C. Jeffrey Char, ’87, FCC
Transferred to Sophia from University Hawaii
Today works as Lawyer and Venture Capitalist

Alumni Voices:

C. Jeffrey Char

I am a serial entrepreneur. I grew up in Hawaii and first came to Japan on an exchange program in 1981 after graduating from high school. I transferred to Sophia in 1984 after studying business and Japanese at University of Hawaii and International Christian University. To the relief of my parents I finally graduated cum laude with a degree in economics in 1987.

I can honestly say that the education I received at Sophia was by far the best of the 3 universities I attended. Many of the professors took a sincere interest in my education both inside and outside the classroom. I’ve kept in touch with several of them and really appreciate their support over the years. Moreover, the classmates I met from around the world have become part of an invaluable social and business network.

When I graduated from Sophia, the Japanese economy was booming and many foreign financial firms were rushing to set up operations in Japan following the deregulation of financial markets. However, rather than working at one of the foreign firms I decided to join Kokusai Securities (now Mitsubishi UFJ Securities) where I would be one of the only foreigners. I learned a lot about Japanese business working at a very domestic firm.

I planned to return to the US for graduate school after working for a couple of years. By chance I was introduced to a robotics venture that was looking to raise venture capital in Japan. Even though all the contracts were in English I didn’t understand much of what I was reading. As a result, I decided that it would make more sense for me to go to law school rather than business school. The following year I moved back to the US to study law at the University of California, Berkeley, and later at Harvard Law School.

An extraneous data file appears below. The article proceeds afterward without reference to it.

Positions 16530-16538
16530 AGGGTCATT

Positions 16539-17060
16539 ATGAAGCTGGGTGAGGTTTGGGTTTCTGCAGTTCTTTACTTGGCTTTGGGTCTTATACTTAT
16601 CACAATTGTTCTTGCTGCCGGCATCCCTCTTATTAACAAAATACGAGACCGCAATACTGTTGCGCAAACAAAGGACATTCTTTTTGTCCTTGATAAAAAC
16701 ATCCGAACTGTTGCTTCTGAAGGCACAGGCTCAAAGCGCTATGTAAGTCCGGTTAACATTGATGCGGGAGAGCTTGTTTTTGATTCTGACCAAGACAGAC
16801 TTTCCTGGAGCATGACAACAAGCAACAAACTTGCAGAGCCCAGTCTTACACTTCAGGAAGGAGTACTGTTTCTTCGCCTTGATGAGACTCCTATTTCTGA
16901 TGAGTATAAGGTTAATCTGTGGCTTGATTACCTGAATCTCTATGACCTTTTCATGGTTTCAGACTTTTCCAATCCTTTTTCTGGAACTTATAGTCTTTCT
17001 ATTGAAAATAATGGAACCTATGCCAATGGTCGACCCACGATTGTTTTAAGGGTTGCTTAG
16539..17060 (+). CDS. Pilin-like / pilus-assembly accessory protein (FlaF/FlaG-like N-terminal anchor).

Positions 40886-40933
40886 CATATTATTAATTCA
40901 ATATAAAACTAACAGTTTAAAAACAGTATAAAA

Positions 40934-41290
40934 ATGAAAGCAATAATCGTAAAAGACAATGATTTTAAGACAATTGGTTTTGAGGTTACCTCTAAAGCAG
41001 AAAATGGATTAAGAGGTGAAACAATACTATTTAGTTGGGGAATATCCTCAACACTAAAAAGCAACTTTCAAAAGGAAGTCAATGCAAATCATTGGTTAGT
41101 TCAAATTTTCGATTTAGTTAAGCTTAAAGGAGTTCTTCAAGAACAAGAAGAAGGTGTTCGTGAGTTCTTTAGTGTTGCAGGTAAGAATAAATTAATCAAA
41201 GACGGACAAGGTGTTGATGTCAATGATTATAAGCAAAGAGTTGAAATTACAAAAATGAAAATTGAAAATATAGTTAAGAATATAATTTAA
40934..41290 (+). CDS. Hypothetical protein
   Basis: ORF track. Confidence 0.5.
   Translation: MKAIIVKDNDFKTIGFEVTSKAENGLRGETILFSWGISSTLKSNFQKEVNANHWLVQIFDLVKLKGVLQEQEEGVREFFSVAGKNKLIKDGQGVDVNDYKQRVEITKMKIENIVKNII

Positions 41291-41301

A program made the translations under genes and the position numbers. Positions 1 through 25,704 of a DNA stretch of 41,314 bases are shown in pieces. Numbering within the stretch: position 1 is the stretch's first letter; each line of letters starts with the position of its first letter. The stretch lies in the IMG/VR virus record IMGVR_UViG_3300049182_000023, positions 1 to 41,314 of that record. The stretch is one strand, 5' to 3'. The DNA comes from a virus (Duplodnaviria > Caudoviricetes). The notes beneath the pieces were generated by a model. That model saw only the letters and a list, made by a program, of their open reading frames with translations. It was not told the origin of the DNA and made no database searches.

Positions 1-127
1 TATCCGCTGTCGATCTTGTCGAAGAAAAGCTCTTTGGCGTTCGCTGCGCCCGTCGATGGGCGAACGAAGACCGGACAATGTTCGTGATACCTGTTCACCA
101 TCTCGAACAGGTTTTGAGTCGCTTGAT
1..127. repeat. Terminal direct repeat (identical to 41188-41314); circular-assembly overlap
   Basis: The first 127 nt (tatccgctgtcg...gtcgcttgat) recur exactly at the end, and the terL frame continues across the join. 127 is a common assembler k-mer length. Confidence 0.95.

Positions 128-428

I spent several years working as a corporate finance lawyer in Silicon Valley and Tokyo. I learned all about setting up, financing, and buying and selling companies. In 1995 I worked on the initial public offering for Netscape Communications where I had a front row view of the commercial Internet. By the end of 1996 I was getting bored of being a lawyer and wanted to try my hand as an entrepreneur.

I started my first venture in January 1997 with a close friend. We built a network security company in Silicon Valley and later sold it to Lucent Technologies. I’ve been hooked on entrepreneurship ever since and founded several other companies in the US and Japan. These days I also teach entrepreneurship and international business courses at Waseda University, Tohoku University and International Christian University.

Japan and the world are changing. When I graduated from Sophia anyone who spoke English was able to get multiple job offers. A lot of people believe that the formula for success is to go to a good college and then join a large company. I disagree. I believe that students will be better off if they maintain a healthy appetite for continued learning, since many of the skills they will need over the course of their career do not even exist yet.

My latest project is to create a venture incubator in Tokyo for early-stage ventures. My goal is to provide university students with an opportunity to do internships with startup ventures so they can learn about entrepreneurship firsthand.